The supercomputer is powered by 705,024 of Fujitsus SPARC64 processors spread over 864 server racks. When the system entered the list at No. 1 in June, it marked the first time since 2004, when Fujitsus Earth Simulator was knocked off the perch, that a Japanese computer headed the list.
Developed by the Chinese National University of Defense Technology, the Tianhe-A1 was knocked off the top of the list in June by the K Computer. Powered by more than 14,000 Xeon X5670 chips and more than 7,000 GPUs from Nvidia, the system, installed at the National Supercomputing Center in Tianjin, has hit a peak of 2.5 petaflops.
Installed at the Oak Ridge National Laboratory in Tennessee, the Jaguar supercomputer is powered by Crays XT5-HE technology powered by AMDs six-core Opteron chips. The system, which has hit a peak of about 1.75 petaflops, is about to be revamped by Cray using AMDs new 16-core Opteron 6200 chips and GPUs from Nvidia. Once completed, the new system—dubbed Titan—will have theoretical peaks of 10 to 20 petaflops.
Built from Dawnings TC3600 blades using Intels six-core Xeon 5650 and Nvidia GPUs, the Nebulae at the National Supercomputing Center at Shenzhen has hit 1.27 petaflops.
Installed at the GSIC Center at the Tokyo Institute of Technology, the Tsubame 2.0 comprises HPs ProLiant SL390 G7 systems, which are powered by Intels six-core Xeon 5670 processors and leverage Nvidia GPUs. The system, which runs both Linux and Windows, has a performance of 1.19 petaflops.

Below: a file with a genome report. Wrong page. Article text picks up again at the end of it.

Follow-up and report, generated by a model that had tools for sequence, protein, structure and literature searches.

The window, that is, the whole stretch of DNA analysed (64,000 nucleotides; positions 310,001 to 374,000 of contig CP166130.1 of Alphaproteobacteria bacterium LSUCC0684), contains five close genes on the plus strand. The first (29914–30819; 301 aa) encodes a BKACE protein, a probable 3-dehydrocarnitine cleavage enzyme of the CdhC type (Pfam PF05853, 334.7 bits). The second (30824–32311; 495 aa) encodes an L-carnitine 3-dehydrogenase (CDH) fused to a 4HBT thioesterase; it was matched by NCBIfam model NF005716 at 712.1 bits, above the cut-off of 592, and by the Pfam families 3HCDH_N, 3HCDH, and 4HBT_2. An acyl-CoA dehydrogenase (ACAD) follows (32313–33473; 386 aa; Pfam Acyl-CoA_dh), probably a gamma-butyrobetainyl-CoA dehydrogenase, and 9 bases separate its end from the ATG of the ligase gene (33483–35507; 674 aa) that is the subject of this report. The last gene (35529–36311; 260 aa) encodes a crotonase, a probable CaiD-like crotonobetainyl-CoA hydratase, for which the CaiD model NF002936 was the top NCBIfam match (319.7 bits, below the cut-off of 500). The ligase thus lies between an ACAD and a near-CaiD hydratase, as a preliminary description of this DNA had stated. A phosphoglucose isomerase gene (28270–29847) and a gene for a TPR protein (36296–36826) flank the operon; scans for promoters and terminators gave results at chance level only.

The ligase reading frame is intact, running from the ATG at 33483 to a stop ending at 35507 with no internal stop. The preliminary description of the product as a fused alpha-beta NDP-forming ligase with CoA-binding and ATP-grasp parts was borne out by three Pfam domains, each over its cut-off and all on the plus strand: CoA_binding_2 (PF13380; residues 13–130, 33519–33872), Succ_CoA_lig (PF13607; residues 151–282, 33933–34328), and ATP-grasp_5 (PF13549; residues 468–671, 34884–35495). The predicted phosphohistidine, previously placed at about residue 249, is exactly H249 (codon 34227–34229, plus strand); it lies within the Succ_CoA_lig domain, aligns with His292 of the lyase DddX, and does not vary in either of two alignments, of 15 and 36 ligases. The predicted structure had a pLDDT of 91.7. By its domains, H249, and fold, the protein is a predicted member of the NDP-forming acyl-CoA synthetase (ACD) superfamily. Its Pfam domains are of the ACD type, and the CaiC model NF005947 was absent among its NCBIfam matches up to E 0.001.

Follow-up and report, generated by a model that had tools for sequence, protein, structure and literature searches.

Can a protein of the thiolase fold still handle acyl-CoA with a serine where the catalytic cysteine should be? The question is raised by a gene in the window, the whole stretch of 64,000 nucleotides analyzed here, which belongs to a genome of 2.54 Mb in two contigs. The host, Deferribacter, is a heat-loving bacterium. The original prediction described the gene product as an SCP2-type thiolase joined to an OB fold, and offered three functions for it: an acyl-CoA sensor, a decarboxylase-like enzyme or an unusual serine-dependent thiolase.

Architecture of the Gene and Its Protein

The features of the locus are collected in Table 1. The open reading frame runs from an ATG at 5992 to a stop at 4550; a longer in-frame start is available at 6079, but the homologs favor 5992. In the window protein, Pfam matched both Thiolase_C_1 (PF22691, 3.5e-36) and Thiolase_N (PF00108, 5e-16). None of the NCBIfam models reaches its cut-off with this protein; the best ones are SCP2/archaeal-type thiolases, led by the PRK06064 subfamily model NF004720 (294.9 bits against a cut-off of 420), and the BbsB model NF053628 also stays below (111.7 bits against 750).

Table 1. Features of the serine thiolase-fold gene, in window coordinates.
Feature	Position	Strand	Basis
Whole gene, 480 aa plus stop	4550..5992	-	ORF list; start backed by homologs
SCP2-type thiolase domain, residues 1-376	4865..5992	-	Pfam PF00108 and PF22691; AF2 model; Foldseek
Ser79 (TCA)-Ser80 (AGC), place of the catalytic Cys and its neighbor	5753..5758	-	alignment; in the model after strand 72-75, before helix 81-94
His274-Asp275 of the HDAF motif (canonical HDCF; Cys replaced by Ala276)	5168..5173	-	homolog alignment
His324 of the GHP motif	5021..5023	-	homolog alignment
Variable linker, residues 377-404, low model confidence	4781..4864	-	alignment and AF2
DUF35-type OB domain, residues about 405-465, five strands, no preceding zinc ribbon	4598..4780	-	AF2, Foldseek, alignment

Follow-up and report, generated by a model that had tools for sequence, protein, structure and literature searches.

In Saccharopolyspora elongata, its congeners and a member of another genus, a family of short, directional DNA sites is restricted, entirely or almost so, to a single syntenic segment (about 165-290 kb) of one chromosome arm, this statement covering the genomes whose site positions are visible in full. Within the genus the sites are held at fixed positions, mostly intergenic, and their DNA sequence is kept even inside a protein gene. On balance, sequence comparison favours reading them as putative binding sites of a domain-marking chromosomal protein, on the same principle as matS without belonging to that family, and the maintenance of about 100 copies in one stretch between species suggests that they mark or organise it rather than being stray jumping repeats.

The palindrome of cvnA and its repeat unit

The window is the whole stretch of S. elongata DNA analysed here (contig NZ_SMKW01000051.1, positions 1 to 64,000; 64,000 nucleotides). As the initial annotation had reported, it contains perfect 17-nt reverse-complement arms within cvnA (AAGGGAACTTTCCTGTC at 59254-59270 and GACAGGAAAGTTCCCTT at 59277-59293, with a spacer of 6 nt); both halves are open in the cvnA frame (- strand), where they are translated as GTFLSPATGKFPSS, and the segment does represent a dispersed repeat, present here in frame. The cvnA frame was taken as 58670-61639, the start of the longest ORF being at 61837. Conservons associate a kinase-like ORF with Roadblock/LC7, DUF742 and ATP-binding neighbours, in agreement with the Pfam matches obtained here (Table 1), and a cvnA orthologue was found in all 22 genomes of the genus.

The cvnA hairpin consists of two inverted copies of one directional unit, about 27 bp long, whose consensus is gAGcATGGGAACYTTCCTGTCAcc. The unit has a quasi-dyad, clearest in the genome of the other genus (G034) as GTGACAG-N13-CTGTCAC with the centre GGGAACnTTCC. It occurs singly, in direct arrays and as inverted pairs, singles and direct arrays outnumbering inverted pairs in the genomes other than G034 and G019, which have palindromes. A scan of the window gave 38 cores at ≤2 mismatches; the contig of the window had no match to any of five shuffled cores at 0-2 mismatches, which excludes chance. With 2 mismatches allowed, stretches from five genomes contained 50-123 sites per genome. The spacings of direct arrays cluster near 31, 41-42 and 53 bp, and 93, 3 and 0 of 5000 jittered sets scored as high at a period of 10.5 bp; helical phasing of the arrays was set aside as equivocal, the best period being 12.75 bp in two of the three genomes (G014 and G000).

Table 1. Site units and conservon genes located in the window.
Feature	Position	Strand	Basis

Cielo was built by Cray using its XE6 systems at the Los Alamos National Laboratory for the National Nuclear Security Administration. Cielo leverages AMDs eight-core Opteron 6136 chips for a performance level of 1.11 petaflops.
The NASA supercomputer at the Ames Research Center comprises SGIs Altix ICE 8200EX/8400EX servers powered by Intels Xeon HT QC 3.0, 5570 and 5670 processors. It offers a performance of 1.08 petaflops.
Another Cray supercomputer, this one for the National Energy Research Scientific Computing Center at the Lawrence Berkeley National Laboratory. It leverages Crays XE6 systems, which are powered by AMDs 12-core Opteron 6172 processors. The system, with a total of 153,408 cores, offers a performance of 1.05 petaflops.
Housed at Frances Atomic Energy Commission, the Tera-100 last year became Europes first supercomputer to break the petaflop barrier. Built by Bull, the system is a cluster of 4,370 bullx S series servers, with more than 17,400 Xeon 7500 chips from Intel. Its performance is listed at 1.05 petaflops.
The IBM-built supercomputer, installed at the Los Alamos National Laboratory, is a cluster of BladeCenter systems powered by Big Blues 3.2GHz PowerXCell 8i and AMDs dual-core Opteron chips. Its performance is listed at 1.04 petaflops.